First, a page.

Dispute over new chair, vice chair elected to Alabama Democratic Party

Dispute over new chair, vice chair elected to Alabama Democratic Party

MONTGOMERY, Ala. (WSFA) - A new chair and vice chair were elected to the Alabama Democratic Party during Saturday’s State Democratic Executive Committee meeting.

The party elected state Rep. Christopher England, of Tuscaloosa, as chair of the party and former state Rep. Patricia Todd as vice chair. England got 104 of 171 ballots cast at the meeting and was the first African-American to be elected to that position.

The vote came after the SDEC members in attendance voted unanimously to remove Chair Nancy Worley and Vice Chair Randy Kelley.

On Friday, the Alabama Supreme Court stayed a temporary restraining order filed by Worley, who claimed the meeting was unauthorized and being held illegally.

“Thank you for your service," is all England had to say about Worley, who he said was not a good party leader.

“This is what inevitable feels like when people get sick and tired of inactivity," England said.

The election was organized in-part by U.S. Senator Doug Jones, who has also been critical of Worley’s leadership in the past.

“This is a huge step for the state," Jones said.

“The energy you saw in this room today is infectious. We’re going to bring people back to this party and we’re going to work up and down the ballot to be competitive," England said.

Rebuilding the state’s Democratic party is England’s first priority as party chair.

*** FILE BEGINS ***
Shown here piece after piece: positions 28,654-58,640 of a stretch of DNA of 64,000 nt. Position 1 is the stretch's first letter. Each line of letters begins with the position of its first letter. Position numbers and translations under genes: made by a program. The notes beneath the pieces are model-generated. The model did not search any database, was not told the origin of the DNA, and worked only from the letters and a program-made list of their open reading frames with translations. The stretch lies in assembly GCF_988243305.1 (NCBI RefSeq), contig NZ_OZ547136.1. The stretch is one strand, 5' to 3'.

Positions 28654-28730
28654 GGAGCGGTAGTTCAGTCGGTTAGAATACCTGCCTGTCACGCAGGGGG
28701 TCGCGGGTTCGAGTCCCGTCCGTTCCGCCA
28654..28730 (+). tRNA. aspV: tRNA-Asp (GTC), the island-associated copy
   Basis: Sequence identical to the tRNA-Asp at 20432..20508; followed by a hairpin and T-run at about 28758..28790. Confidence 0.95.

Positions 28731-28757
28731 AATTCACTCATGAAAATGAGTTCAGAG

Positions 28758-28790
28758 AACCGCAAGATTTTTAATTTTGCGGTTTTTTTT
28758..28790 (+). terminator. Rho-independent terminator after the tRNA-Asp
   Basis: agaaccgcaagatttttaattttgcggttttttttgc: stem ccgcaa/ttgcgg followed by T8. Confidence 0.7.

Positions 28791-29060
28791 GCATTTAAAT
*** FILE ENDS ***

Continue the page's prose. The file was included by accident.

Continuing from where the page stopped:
“This is a complete rebuild. So, that means that we need to get people in place to start working and get staff together and go from there," England said.

England also wants to make Alabama’s Democratic party a competitive one.

“We are going to be competitive. We are going to enter ourselves into the public debate, and we’re going to make sure that people recognize that there are two sides and there are two parties in the state of Alabama," England said.

“We need a competitive two-party system to make sure that ideas are out there and that we compete for votes with ideas and things on a local level that’s what this means today," Jones said.

Both the Alabama Supreme Court and the Democratic National Committee are in support of Saturday’s meeting and the elections that took place.

Worley has said she will not step down as chair. WSFA 12 News has reached out to Worley for comment but has not heard back.

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